By Alex Distefano
By Scott Snowden
By Anna Merlan
By Steve Almond
By Jena Ardell
By Jon Campbell
By Alan Scherstuhl
By Tessa Stuart
In a soft voice and a strong South Brooklyn accent, Schiro, 62, nervously but soberly laid out how Lin DeVecchio had regularly visited the homes she shared in Bensonhurst with the love of her life, a swaggering Mafia soldier and secret government informant named Greg Scarpa Sr. On four of those visits, Schiro said, DeVecchio had provided Scarpa with the lethal information that her gangster lover then used to murder four people.
To hear Schiro tell it, there wasnt much difference between the gangster and the FBI agent. You know, you have to take care of this, shes going to be a problem, she quoted DeVecchio as saying prior to the 1984 murder of a beautiful girlfriend of a high-level member of Scarpas Colombo crime family who was allegedly talking to law enforcement.
She had the agent, a smirk on his face, talking the same way in 1987 about a drug-addled member of Scarpas crew. You know, Schiro said DeVecchio told Scarpa, we gotta take care of this guy before he starts talking. The crew member was soon dead as well.
When Supreme Court Justice Gustin Reichbach called the first break of the day, reporters polled one another as to whether this crucial witness was believable.
If I was him, said one old hand, pointing at the defendant, Id be getting on the A train right now, headed for JFK and a plane someplace far away. Hes dead. A veteran reporter sitting next to him nodded in agreement.
The first time I heard Linda Schiro, she also sounded convincing.
That was 10 years ago, when Schiro sat down to talk with me and Jerry Capeci, then and now the citys most knowledgeable organized-crime reporter. But the story she told us then is dramatically different from the one she has now sworn to as the truth.
Which puts us in no small bind.
The ground rules when we spoke to Schiro in 1997 were that the information she provided would only be used in a booknot in news articles. She also exacted a pledge that we would not attribute information directly to her. And in a cautious but not unreasonable demand for a woman who spent her life married to the mob, she required a promisehowever difficult to enforcethat we not cooperate in any law-enforcement inquiries stemming from said books publication.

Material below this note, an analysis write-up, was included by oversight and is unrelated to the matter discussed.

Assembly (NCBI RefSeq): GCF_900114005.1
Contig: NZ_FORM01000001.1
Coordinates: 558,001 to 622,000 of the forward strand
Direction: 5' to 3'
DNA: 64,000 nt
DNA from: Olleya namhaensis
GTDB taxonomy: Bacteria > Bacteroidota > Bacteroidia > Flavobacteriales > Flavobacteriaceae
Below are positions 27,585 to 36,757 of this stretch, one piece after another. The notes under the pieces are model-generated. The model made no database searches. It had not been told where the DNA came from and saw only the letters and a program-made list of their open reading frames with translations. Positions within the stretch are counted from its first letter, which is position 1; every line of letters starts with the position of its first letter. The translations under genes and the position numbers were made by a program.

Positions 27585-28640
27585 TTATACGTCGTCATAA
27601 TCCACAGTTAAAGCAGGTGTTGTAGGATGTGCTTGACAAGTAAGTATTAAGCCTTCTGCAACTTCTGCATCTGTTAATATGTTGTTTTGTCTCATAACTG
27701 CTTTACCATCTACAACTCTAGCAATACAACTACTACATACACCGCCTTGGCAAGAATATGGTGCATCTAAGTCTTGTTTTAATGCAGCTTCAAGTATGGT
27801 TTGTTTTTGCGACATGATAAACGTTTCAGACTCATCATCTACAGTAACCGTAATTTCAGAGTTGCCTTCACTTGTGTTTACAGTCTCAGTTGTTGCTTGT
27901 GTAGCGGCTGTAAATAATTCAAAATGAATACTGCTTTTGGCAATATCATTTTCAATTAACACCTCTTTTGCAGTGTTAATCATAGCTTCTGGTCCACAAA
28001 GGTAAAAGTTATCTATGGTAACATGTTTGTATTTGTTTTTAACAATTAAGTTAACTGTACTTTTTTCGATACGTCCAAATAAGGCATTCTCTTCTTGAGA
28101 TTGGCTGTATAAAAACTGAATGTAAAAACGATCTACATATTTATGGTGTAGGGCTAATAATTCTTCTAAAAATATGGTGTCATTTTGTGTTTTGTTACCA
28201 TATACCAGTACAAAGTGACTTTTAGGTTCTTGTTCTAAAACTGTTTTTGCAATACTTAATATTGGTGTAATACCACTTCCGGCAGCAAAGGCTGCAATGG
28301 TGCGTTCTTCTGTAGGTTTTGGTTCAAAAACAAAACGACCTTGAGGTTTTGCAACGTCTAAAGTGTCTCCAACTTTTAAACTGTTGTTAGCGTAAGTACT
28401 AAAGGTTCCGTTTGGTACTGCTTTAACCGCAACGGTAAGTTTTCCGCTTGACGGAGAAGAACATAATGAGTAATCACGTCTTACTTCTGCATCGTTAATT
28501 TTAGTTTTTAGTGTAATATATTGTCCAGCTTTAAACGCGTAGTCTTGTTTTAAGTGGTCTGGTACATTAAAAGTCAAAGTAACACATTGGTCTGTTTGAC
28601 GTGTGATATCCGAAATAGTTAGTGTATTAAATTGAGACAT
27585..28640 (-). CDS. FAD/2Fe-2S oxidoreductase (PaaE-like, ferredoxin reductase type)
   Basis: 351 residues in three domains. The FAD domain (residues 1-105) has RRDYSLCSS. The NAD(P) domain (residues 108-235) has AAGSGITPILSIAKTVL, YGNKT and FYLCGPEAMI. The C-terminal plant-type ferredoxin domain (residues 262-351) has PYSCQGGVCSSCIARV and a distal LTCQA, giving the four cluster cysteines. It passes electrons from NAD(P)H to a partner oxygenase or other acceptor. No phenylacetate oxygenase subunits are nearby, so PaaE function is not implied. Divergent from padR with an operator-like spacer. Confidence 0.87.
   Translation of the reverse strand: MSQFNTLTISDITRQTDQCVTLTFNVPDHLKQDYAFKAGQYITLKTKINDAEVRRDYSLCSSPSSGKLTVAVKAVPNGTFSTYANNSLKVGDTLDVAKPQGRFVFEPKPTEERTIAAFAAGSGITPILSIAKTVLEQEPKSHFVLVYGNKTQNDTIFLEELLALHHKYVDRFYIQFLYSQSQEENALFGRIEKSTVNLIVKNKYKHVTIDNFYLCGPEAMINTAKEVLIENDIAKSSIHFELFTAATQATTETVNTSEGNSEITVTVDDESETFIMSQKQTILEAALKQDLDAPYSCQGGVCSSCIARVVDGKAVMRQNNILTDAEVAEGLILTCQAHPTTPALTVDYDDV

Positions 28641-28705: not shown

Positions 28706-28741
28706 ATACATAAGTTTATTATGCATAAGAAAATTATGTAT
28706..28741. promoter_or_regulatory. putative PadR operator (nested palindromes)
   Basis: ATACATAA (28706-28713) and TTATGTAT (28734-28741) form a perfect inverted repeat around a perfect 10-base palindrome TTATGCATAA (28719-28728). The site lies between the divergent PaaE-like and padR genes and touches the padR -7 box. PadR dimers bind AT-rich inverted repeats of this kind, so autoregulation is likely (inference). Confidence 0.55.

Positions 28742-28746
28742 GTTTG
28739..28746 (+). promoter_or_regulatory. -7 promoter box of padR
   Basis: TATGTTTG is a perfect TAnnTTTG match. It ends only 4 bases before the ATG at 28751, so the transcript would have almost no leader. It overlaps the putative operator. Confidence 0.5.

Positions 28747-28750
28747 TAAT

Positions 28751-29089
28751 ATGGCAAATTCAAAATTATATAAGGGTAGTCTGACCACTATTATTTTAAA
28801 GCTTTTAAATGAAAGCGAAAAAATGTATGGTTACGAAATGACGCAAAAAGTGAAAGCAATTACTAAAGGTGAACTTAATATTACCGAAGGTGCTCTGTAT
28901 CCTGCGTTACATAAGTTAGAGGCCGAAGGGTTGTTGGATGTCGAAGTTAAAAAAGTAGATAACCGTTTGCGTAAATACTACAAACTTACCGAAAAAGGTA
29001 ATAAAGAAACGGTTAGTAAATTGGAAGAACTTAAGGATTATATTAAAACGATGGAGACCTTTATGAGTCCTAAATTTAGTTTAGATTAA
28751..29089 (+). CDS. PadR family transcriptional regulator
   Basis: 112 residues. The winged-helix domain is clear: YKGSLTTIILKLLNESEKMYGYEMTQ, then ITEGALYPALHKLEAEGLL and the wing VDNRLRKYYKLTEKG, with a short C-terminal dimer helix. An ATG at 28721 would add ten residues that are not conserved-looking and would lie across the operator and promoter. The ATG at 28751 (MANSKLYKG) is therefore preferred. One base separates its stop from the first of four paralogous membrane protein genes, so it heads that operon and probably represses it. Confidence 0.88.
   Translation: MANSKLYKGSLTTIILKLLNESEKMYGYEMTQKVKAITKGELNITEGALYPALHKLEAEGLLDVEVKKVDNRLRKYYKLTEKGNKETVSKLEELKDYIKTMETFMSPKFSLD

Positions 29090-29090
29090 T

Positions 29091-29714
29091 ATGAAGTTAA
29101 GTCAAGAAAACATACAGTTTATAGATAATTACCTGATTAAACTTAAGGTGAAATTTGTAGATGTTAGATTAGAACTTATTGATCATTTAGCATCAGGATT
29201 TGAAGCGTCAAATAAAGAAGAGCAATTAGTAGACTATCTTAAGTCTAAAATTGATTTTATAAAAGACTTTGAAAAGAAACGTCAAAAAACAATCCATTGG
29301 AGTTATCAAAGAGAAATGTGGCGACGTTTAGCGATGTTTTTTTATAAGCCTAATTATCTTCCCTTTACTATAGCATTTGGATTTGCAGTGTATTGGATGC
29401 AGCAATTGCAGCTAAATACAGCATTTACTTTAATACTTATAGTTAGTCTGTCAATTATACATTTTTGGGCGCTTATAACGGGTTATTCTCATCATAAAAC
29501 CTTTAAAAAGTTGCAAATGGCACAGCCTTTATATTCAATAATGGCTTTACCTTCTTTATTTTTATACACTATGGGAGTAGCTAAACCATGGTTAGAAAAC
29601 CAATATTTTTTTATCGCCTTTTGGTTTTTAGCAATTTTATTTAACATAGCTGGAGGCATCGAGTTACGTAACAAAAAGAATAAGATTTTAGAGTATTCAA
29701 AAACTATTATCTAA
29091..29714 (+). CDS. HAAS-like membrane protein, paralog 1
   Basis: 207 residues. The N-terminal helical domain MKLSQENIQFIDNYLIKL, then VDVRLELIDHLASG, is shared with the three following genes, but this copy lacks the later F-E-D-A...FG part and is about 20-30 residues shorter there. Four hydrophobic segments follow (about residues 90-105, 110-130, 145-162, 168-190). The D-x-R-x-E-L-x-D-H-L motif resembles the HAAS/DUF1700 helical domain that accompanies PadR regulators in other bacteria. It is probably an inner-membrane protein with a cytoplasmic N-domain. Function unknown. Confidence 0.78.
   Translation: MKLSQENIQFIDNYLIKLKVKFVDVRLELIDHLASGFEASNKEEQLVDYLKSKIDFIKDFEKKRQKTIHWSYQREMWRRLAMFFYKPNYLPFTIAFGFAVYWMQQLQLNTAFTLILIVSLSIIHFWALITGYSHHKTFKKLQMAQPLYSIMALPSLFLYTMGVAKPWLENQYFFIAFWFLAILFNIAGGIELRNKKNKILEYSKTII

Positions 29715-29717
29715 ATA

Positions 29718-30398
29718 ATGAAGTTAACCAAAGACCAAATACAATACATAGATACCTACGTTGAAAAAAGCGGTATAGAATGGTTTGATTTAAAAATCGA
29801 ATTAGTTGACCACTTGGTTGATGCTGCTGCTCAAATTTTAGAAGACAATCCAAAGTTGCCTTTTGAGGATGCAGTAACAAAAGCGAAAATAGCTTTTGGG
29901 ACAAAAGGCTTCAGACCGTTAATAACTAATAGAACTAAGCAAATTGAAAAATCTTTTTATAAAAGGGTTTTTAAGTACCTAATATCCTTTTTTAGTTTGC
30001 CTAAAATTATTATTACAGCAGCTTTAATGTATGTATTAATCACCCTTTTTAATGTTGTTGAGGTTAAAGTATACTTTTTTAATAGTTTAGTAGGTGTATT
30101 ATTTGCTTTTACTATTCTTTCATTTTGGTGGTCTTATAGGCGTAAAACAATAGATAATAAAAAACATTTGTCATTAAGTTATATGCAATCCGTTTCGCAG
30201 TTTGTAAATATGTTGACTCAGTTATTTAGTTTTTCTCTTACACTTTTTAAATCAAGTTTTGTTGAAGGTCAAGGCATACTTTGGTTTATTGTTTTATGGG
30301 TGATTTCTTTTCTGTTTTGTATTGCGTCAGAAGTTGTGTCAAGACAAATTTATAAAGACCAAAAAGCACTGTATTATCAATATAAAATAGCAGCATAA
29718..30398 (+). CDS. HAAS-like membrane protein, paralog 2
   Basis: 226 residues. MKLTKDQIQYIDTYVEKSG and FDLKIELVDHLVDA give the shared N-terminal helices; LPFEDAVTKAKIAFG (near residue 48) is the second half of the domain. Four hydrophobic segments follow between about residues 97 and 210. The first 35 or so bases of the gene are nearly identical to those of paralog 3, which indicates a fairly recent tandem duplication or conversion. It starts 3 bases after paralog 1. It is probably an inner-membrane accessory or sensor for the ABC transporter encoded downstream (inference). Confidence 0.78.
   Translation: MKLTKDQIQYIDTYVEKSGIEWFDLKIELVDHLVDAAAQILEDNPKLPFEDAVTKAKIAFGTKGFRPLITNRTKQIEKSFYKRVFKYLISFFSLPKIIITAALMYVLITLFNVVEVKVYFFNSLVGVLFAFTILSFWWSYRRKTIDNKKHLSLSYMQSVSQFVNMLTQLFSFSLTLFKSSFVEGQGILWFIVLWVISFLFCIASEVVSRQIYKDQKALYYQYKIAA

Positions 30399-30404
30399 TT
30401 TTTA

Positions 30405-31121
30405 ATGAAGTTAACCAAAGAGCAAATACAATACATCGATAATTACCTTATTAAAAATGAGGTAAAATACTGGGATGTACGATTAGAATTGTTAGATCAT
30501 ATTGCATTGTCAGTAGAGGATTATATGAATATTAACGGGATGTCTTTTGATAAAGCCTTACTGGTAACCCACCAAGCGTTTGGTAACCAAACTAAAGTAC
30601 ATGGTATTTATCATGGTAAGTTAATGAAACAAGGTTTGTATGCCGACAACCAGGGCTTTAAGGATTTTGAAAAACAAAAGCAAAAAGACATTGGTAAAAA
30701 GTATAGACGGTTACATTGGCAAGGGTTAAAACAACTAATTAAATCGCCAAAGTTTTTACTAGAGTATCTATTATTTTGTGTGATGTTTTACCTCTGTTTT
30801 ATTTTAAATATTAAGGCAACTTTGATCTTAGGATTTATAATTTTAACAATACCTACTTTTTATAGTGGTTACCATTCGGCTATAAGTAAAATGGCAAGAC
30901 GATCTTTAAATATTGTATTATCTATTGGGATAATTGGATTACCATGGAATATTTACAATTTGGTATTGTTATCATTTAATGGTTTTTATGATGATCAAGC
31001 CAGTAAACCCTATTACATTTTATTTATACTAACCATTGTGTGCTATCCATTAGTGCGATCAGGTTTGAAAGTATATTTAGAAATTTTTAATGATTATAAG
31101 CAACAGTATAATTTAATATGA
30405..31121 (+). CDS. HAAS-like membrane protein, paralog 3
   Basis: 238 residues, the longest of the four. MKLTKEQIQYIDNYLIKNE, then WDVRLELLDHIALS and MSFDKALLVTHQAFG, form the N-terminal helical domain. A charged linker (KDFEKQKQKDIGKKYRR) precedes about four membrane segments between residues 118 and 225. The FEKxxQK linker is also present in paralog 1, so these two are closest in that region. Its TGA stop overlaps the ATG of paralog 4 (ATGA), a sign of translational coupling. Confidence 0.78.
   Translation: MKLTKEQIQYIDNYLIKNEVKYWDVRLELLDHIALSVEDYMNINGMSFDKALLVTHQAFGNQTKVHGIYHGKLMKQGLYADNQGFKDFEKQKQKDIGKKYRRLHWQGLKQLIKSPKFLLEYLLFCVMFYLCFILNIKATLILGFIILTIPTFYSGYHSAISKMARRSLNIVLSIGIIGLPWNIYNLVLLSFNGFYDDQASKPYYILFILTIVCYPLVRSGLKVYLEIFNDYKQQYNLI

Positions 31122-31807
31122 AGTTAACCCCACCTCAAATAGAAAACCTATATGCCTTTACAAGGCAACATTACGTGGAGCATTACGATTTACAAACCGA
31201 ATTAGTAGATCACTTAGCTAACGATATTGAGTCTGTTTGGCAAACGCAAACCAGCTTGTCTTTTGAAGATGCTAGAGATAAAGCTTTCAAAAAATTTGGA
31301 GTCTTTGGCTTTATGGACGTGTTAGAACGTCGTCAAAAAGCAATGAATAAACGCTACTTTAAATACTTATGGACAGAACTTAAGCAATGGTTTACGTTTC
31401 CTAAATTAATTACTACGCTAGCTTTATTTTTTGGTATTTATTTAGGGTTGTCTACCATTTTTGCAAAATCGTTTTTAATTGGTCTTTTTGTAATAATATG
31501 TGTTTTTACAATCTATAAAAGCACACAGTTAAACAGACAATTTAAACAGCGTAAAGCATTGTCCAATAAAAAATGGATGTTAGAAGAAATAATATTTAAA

Sadly, no book ever emerged. The law-enforcement inquiries, however, did. They have taken on a life of their own, and it is Schiro, having shed her former concerns about confidentiality, who has now become the cooperator.
In the eight days of testimony before Schiro took the stand, a parade of mob cooperators and investigators testified about their suspicions concerning DeVecchios and Scarpas relationship. A trio of FBI agents said they believed that their colleague had steadily tilted in Scarpas favor, possibly passing crucial information to him.
But suspicion is all anyone offered. Not a single witness, prior to Schiro, was able to put the former agent in any of the four murders for which he was indicted more than a year ago. Thats Schiros task. The D.A.s case appears to rest on her.
If convicted, DeVecchio, 67, faces life in prison.
Those are the kind of high stakes that take precedence over contracts and vows of confidence, no matter how important they may be to the business of reporting, and regardless of how distasteful it may be to violate them. The threat of a life sentence trumps a promise.
Lin DeVecchio may be guilty, or he may be innocent. But one thing is clear: What Linda Schiro is saying on the witness stand now is not how she told the story 10 years ago concerning three of the four murder counts now at issue.
Schiro told us then, as she did the court this week, that Scarpa hid nothing from her, letting her share in both his Mafia secrets and his precarious position as an FBI informant. In the 1984 murder of Mary Bari, the glamorous young woman who was dating a Colombo crime family figure, Schiro told how Scarpa and his gang had lured her to a mob social club and then shot her in the face. She told the ghoulish storyone she later learned was apocryphalabout how a pet boxer had sniffed out an ear from the victim that, unbeknownst to her killers, had been shot away during the grisly murder. But Schiro said she knew little as to the why of the slaying.
All I know is they had word she was turning; she was gonna let information out, Schiro told us then. Back then, she made no mention of DeVecchio at all in connection with the slaying. But in court this week, she said the one who claimed that Mary Bari was an informant was DeVecchio, describing her as a problem to be taken care of. After the murder, she testified, DeVecchio had returned to the home she then shared with Scarpa on Avenue J and joked about the way Baris body had been dumped just a couple of blocks away.